Andrew Stott is the Director of Digital Engagement for the British Cabinet Office.
He talked more about what his government is doing across the pond with Chris Dorobek on the Daily Debrief.
Stott said it all started with a post on an internal government message board. More and more requests came in, and different managers started responding in kind, and a best practices list was soon developed.
“It’s not an overall strategy for government as a whole, but it’s a starting place for each department as its working through how best to use Twitter to meet its mission objectives.”
The list is not a be-all, end-all by any means, Stott said.
“Really there isn’t a settled view on how enterprises — either commercial corporations or government agencies — should use Twitter in order to be most effective. It’s not like other channels. There are certain expectations of how you use it, how you engage with the community on Twitter, so we thought — well, here’s a good starter.”
Twitter does, however, have its own cultural norms that Stott said federal governments, in addition to private companies and people, could take advantage of.
“There’s an expectation that you’ll be aware of what else is happening on Twitter, so you will retweet . . . and, also, you’ll listen as well as talk and engage with people through that. Now, that can be quite difficult for a government agency, both in terms of scale and in terms of getting into a public dialogue with individuals about individual cases — but one of the things we want to do is pick up people’s responses and, if there’s a general answer to that, then we use Twitter to broadcast it back out.”
The most difficult aspect of having a government agency tweet has to do with policy. Federal laws and security have to be taken into account, which doesn’t always happen in the private sector.
There is also the culture of Twitter itself. Stott said it is important for government employees to understand how tweets might be perceived and the consequences of certain behaviors, such as the “retweet”.
“Although retweeting doesn’t necessarily imply agreement — and that’s not the etiquette of Twitter — it does [say], ‘Hey, it’s worth going and looking at that’. At the same time, one of the things that retweeting, even from other parts of government, can do is bring the attention of people following a particular department or agency. Something’s related that they wouldn’t otherwise see.”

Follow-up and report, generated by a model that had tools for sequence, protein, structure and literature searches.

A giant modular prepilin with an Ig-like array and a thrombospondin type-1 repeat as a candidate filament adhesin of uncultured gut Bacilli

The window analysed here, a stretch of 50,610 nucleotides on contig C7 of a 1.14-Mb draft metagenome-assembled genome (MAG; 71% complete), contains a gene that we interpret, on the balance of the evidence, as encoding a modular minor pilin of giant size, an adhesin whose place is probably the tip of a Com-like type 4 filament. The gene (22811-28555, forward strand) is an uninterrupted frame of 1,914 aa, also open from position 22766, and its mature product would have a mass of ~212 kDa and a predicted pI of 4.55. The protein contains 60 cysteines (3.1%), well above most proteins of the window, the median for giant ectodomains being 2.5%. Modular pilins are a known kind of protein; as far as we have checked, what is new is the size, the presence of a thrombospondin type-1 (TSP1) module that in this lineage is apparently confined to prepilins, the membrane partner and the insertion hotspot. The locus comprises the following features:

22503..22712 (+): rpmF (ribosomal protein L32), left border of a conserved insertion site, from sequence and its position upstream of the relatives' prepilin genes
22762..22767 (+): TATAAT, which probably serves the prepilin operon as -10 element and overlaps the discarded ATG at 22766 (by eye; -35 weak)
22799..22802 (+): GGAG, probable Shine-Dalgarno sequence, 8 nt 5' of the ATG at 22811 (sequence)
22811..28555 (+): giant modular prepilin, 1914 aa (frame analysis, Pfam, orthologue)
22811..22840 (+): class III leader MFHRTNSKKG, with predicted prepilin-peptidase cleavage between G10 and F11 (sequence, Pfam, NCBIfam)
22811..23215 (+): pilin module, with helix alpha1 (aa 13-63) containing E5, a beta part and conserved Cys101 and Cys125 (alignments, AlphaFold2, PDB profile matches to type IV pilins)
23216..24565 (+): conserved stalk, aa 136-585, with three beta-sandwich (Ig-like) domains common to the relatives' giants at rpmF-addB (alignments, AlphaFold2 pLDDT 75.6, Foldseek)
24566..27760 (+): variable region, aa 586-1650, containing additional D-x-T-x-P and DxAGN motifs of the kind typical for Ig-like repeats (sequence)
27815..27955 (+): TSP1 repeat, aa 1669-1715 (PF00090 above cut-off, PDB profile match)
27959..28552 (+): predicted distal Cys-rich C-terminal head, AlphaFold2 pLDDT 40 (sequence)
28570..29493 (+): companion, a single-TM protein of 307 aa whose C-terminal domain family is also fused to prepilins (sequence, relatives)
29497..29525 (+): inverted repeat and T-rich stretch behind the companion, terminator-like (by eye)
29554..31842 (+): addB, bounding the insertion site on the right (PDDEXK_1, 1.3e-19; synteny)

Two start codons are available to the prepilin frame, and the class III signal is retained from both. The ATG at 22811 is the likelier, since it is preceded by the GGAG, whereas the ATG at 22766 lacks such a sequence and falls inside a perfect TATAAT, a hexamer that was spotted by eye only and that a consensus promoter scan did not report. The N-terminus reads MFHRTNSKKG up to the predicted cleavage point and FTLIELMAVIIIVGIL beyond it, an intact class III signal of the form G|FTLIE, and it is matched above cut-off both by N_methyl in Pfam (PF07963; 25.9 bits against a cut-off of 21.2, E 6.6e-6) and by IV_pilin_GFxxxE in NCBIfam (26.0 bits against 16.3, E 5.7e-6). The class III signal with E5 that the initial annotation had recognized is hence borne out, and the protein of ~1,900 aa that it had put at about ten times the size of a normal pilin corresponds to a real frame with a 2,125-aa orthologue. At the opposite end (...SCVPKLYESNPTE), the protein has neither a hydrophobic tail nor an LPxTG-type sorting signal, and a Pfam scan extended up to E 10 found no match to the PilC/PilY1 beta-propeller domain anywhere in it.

So, perhaps there is a bit of irony involved with the overall Twitter strategy for the Uk’s government.
It’s twenty pages long, which seems massive when compared to the 140-character limit that exists on Twitter.
“There was a lot of comment about [it] . . . but 19 of those 20 pages are actually about the agencies’ communication strategy — the things they need to think about — and how effective use of Twitter can help them achieve their overall mission goals and help them operate more effectively and engage better with the public.”
The document is not limited to government. Stott said it’s geared toward institutions, which could include the private sector or other governments.
In addition, it also looks at how individuals in agencies can use the technology to communicate in a more authentic way using more than just Twitter.
“We’ve got an overall government social media code, which is based on the civil service code of conduct, which has applied for a number of years to all sorts of media and public statements. We rolled that forward into the world of social media. A number of departments have started to use things like blogs to communicate what people in the field are doing to help people in Britain and around the world.”
Stott said his government expects the document — and its usage of Twitter and other social media — to evolve.
“It’s not a fixed document. One of the purposes in publishing it was to get other people’s ideas on some of the questions in there. . . . One of the things that we’re trying to think about as we move forward on this is not just how we use the tools that are available and in general use now, but how we build some of those capabilities to spot new ways of engaging . . . and learning how to use those as they become generally available.”